JUNE 2024 - Keep Experimenting, We'll Keep Cupping

June 2024’s Coffee Origin
Brazil Lussara - Red Icatu - Carbonic Maceration

Region: Alta Mogiana, Sao Paulo
Varietals: Red Icatu, Red Catuai
Growing Elevation: 3600+ feet
Process: Natural Process, Carbonic Maceration & Patio Dried
Flavour Profile and Notes: GO CUP YOURSELF and find out!

This Month's Coffee Selection
For over 200 years coffee farming has been a part of the culture in Alta Mogiana. Located in the state of São Paulo, Brazil the climate averages 20 degrees Celsius with ideal rainfall for coffee farming, while the topography offers altitudes of 2900 plus feet above sea level. The result is slow growing coffee cherries with ample time ripen.

Coffee cherries from this lot were sealed in airtight barrels that had carbon dioxide pumped in. This carbon dioxide rich environment creates the environment for Carbonic Maceration which we will discus in this blog posting. The gases and juices that are released from the cherries during the fermentation process are contained in the barrels and absorbed by the coffee parchment. The coffee is then washed and dried before export. The resulting coffee offers a winey, fruit forward cupping profile.

What do wine and coffee have in common? .
..Probably more than you think, but let discuss one specific fermentation process for now!
We've discussed fermentation and its importance in coffee in previous posts as well as how different fermentation processes can have drastic effects on each flavour profile.  As a recap, the coffee fermentation we are referring to is an "enzyme catalysed" process, where microorganisms convert starch and sugar from the fruit to alcohol or acid in the absence of oxygen. This is done with the intention of removing the coffee cherry from the stone (or what is to become the coffee bean), while enhancing the potential flavours found in the resulting coffee.  While I'm definitely oversimplifying and butchering the science involved, this is more than enough information for our purposes.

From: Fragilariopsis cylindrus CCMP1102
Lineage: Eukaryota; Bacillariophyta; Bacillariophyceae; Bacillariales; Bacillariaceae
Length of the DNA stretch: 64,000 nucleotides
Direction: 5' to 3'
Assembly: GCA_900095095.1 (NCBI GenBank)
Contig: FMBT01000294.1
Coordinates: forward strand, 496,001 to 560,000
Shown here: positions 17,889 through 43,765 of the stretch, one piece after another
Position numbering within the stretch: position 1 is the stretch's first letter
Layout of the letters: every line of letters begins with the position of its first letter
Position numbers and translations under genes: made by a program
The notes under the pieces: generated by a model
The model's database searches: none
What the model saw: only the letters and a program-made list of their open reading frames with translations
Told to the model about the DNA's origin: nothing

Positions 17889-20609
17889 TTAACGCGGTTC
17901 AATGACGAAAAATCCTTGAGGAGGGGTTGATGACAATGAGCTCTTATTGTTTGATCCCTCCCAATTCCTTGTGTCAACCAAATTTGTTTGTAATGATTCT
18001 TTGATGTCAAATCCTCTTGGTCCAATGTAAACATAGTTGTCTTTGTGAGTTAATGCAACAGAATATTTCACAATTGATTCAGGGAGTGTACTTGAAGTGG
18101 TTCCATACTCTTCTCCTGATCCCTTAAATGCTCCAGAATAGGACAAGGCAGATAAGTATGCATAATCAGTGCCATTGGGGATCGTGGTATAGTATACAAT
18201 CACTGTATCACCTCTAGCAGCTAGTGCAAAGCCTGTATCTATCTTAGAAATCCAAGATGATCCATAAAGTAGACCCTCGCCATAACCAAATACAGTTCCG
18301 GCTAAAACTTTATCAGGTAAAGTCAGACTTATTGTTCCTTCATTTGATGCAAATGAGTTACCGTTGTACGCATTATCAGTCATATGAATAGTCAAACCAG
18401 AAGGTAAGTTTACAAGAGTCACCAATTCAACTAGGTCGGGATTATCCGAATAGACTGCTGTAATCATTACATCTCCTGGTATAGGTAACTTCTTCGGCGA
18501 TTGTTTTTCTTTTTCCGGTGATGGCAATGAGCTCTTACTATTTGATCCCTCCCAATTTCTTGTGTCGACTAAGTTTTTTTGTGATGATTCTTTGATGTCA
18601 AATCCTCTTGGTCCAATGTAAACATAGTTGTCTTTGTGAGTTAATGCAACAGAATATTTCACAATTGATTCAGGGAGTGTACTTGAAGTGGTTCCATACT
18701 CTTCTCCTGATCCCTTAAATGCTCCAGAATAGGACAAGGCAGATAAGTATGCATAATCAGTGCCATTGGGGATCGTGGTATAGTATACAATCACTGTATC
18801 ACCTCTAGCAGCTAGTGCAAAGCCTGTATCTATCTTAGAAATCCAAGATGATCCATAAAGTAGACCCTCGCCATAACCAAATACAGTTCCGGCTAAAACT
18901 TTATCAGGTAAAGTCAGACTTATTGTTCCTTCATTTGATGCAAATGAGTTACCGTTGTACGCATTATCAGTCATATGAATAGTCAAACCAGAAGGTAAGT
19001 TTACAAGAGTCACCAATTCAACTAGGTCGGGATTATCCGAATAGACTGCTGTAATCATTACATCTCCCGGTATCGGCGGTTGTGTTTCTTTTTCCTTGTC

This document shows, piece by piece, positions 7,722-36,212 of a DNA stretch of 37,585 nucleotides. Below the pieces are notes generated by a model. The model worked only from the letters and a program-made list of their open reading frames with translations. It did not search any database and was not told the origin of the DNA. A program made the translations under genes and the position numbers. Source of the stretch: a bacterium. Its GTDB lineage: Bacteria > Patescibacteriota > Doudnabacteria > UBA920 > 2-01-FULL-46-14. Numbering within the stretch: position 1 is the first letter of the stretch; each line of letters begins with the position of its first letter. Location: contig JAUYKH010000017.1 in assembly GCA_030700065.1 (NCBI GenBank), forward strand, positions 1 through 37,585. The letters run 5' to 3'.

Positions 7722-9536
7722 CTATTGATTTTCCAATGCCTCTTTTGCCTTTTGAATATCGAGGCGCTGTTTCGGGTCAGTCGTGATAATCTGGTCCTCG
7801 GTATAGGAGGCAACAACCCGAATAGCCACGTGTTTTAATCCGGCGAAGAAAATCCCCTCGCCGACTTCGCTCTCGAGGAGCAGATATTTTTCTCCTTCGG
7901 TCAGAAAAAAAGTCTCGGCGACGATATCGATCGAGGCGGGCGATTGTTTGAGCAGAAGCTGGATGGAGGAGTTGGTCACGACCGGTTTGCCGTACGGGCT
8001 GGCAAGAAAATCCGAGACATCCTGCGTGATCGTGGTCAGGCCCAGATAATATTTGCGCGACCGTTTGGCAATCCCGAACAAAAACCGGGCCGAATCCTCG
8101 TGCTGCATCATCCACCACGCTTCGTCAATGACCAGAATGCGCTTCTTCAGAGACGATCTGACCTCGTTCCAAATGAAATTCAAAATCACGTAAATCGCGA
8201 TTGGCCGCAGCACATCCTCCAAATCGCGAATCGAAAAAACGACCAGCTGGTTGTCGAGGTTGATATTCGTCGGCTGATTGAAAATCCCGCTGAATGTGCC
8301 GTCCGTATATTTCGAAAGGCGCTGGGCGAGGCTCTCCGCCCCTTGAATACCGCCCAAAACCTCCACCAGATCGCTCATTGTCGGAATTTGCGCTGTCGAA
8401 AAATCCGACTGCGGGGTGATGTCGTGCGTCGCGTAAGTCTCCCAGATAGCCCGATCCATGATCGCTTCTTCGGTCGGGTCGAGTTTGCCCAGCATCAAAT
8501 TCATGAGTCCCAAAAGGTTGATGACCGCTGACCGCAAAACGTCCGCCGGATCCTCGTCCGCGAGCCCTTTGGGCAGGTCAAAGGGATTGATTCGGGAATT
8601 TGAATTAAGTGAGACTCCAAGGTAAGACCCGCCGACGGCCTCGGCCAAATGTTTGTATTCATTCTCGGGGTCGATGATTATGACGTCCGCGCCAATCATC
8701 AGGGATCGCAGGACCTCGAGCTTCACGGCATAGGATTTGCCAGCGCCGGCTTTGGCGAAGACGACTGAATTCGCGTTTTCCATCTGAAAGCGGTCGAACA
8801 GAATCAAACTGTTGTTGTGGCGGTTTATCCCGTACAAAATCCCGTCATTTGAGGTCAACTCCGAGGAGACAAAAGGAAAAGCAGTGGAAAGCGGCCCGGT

Now that you have a basic understanding of fermentation and why it is used, lets discus the specific process we are cupping today, Carbonic Maceration. 

By definition, to "macerate" is to soften by soaking and "carbonic" is derived from carbon dioxide in this case. So, together Carbonic Maceration is the softening of the fruit in a carbon dioxide rich environment. Carbonic Maceration has been used in wine making since the mid-late 1930's and entered the coffee scene in 2015 (when this experimentally processed coffee won a Barista Championship).

Carbonic Maceration involves fermenting complete coffee cherries in airtight containers that have carbon dioxide added. This creates an environment where the coffee cherries break down from the inside out, essentially infusing the stones with components that will stay in the bean. The cherries can then be washed and dried and prepared for coffee roasters. Similar to anaerobic processes that we've cupped, the resulting coffees can hold wine style notes as well as highly fruit forward profiles.

Roaster’s Notes:
This month's coffee can be a challenge to roast evenly in a sample roaster until you are familiar with its personality. It likes a slow and steady heat similar to many of the Ethiopian coffees we've cupped together. While there have been several experimental processes we have cupped that left us on the fence, this is one of the exceptions. Once we found the light to medium roast level that best suited this coffee, we were hooked. While our supplier didn't offer specific details on the duration of this coffee's Carbonic Maceration, or other details we often like to rabbit hole, we can assume they will keep experimenting with this process. For now however,  as long as they keep experimenting, we'll keep cupping! 

While cupping this month look for hints of Peach followed by …wait a minute, if you want cupping notes Go Cup Yourself!

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Once you have finished Cupping, click on the “EXPERT TASTED” tab for our tasting notes. Can’t wait to compare notes.

As always, we'd love to hear from you. Better yet, tell the world what you think. If you've been enjoying the Go Cup Yourself experience, please take a moment to review us on FacebookGoogleYelp, Reddit, a bathroom stall door or anywhere you get your reviews.

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